It was an eventful return to the diamond from the All-Star Break for major-league teams, though one in particular had a very noteworthy weekend.
Let's take a look at some of the highlights from the weekend that was, with each note sharing the bond of tying back to the Houston Astros.
Weirdest feat of the week
So Bedard's final line: 6 1/3 innings, zero hits, three runs-- but only one earned because of passed balls-- and 10 strikeouts.
Only one pitcher in the last 20 years had lost a game where his outing lasted six or more innings and did not yield a base hit. That was Jered Weaver, who threw the first six frames of the Angels' combined 1-0 no-hit loss to the Dodgers on June 28, 2008.
The last starter to allow three runs without giving up a hit was then-Tiger Dontrelle Willis on June 4, 2009. He walked five Red Sox and hit one before leaving in the 3rd inning.
No Astros starter had ever done it.
Elias confirms that the only two other pitchers in modern history to give up three runs on zero hits, in an outing that lasted at least six innings, are Rube Benton (1914 Reds vs Cardinals) and Andy Hawkins (1990 Yankees at White Sox). Hawkins allowed four runs and no hits in eight innings in a 4-0 loss.
Bedard is the first pitcher in the live-ball era to have an outing (any length) with 10 strikeouts, zero hits, and a loss.
Now about that Saunders double:
That was the Mariners' only hit of the game. They've been held to exactly one hit 17 times in their history, but Saturday was only the third time they had won such a game.
And that means their final linescore (runs-hits-errors) for the contest was 4-1-0, the first such line in major-league history.
There have been 45 teams since 1920 to win a game where they had just one base hit (there are a lot of 1-0 victories in that bunch). Until Saturday, none of them had struck out more than 11 times. The Mariners struck out 15 times on Saturday.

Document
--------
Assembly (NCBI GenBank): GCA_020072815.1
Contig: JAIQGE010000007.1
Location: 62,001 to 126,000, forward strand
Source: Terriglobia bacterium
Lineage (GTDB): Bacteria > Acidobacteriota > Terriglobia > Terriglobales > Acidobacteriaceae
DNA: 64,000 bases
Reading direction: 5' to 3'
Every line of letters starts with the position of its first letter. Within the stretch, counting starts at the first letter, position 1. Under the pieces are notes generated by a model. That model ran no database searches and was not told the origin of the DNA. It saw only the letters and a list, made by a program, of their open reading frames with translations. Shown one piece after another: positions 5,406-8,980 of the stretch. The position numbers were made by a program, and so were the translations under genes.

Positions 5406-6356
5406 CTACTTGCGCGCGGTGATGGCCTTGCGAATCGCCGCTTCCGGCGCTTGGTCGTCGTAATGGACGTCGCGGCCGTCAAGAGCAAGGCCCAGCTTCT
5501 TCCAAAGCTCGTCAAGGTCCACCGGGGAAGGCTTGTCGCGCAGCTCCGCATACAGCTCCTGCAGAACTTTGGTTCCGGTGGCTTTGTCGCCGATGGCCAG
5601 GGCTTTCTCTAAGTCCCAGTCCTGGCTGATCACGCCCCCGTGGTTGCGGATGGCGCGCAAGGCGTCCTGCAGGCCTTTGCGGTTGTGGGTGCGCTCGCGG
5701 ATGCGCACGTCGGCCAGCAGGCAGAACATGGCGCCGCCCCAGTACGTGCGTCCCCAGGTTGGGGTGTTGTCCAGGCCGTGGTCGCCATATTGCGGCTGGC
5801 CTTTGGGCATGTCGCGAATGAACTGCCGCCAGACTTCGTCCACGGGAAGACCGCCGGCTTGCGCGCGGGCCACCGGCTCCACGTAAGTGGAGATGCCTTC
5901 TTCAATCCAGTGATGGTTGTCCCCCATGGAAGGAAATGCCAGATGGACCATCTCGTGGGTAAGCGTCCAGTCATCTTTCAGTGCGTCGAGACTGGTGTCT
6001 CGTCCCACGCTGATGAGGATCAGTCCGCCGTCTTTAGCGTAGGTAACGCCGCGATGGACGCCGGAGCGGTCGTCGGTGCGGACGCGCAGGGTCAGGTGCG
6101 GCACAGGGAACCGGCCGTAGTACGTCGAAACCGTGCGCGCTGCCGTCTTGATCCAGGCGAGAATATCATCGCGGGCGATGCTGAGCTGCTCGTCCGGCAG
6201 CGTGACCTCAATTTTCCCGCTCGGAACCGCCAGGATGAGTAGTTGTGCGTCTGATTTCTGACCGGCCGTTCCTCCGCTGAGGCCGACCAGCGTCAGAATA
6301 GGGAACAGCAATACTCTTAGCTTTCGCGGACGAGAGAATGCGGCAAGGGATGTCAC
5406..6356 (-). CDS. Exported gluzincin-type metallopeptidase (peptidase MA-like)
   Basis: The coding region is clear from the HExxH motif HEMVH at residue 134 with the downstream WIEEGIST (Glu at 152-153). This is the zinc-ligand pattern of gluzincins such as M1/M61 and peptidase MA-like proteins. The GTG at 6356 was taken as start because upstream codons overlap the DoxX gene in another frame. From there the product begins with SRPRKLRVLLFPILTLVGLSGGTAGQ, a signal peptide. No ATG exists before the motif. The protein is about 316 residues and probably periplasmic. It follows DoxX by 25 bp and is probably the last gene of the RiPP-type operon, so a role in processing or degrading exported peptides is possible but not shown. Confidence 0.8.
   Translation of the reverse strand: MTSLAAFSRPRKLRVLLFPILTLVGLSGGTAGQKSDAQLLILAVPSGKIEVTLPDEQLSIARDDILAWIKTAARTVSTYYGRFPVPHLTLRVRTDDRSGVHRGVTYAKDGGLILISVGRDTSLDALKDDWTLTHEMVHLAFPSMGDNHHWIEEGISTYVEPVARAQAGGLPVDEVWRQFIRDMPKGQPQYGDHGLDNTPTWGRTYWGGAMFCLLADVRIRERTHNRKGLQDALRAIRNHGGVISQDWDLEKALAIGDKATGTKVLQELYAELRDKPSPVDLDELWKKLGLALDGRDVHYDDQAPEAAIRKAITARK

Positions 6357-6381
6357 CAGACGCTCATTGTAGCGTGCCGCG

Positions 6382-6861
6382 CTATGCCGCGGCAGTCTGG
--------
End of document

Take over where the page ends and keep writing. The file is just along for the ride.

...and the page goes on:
But that wasn’t the only Astros oddity …
Brandon Barnes recorded the season's second cycle on Friday night (joining Mike Trout's on May 21), the eighth in Astros history, and their first since Luke Scott did it on July 28, 2006. He also scored three runs and drove in two.
Barnes got the hardest parts out of the way first, going homer-triple-single-double in his first four plate appearances. Only one other player in the past 17 years has done the cycle in that order: George Kottaras of the Brewers two seasons ago. Before that, it was John Valentin in 1996. He's also the first player named Brandon ever to hit for the cycle.
For good measure, Barnes added an infield single in the 9th inning, giving him the first five-hit game to include a cycle since B.J. Upton against the Yankees in 2009.
But ultimately, despite Barnes' efforts, the Astros lost the game 10-7. And only one player in Astros history had ever had five hits and three runs in a loss-- Joe Morgan in 1965.
The long (and short) of it
On Sunday, Caleb Gindl's first major-league homer was also the only run of the game as the Brewers defeated the Marlins 1-0 in 13 innings. Gindl's was the first "slide-off" (a nod to Bernie Brewer's famous descent) for Milwaukee this season. Nine teams remain without a walk-off homer in 2013.
It was the first 1-0 game to be won via walk-off homer since Brett Lawrie of the Blue Jays hit one in the 11th against Boston on September 5, 2011.
And here's our Astros tie-in: Gindl is listed at 5-foot-7. He's the second-shortest player in MLB to hit a home run this season, taller only than Astros second baseman Jose Altuve (5-foot-5).
He’s also the shortest player in Brewers history to homer, supplanting 5-foot-8 Mike Felder, Ron Theobold, Curt Motton and Roberto Pena.
The Brewers swept the Marlins over the weekend, holding them scoreless in all three games. The Marlins’ scoreless streak of 37 innings and the Brewers’ 35 innings of scoreless pitching, are records for both franchises.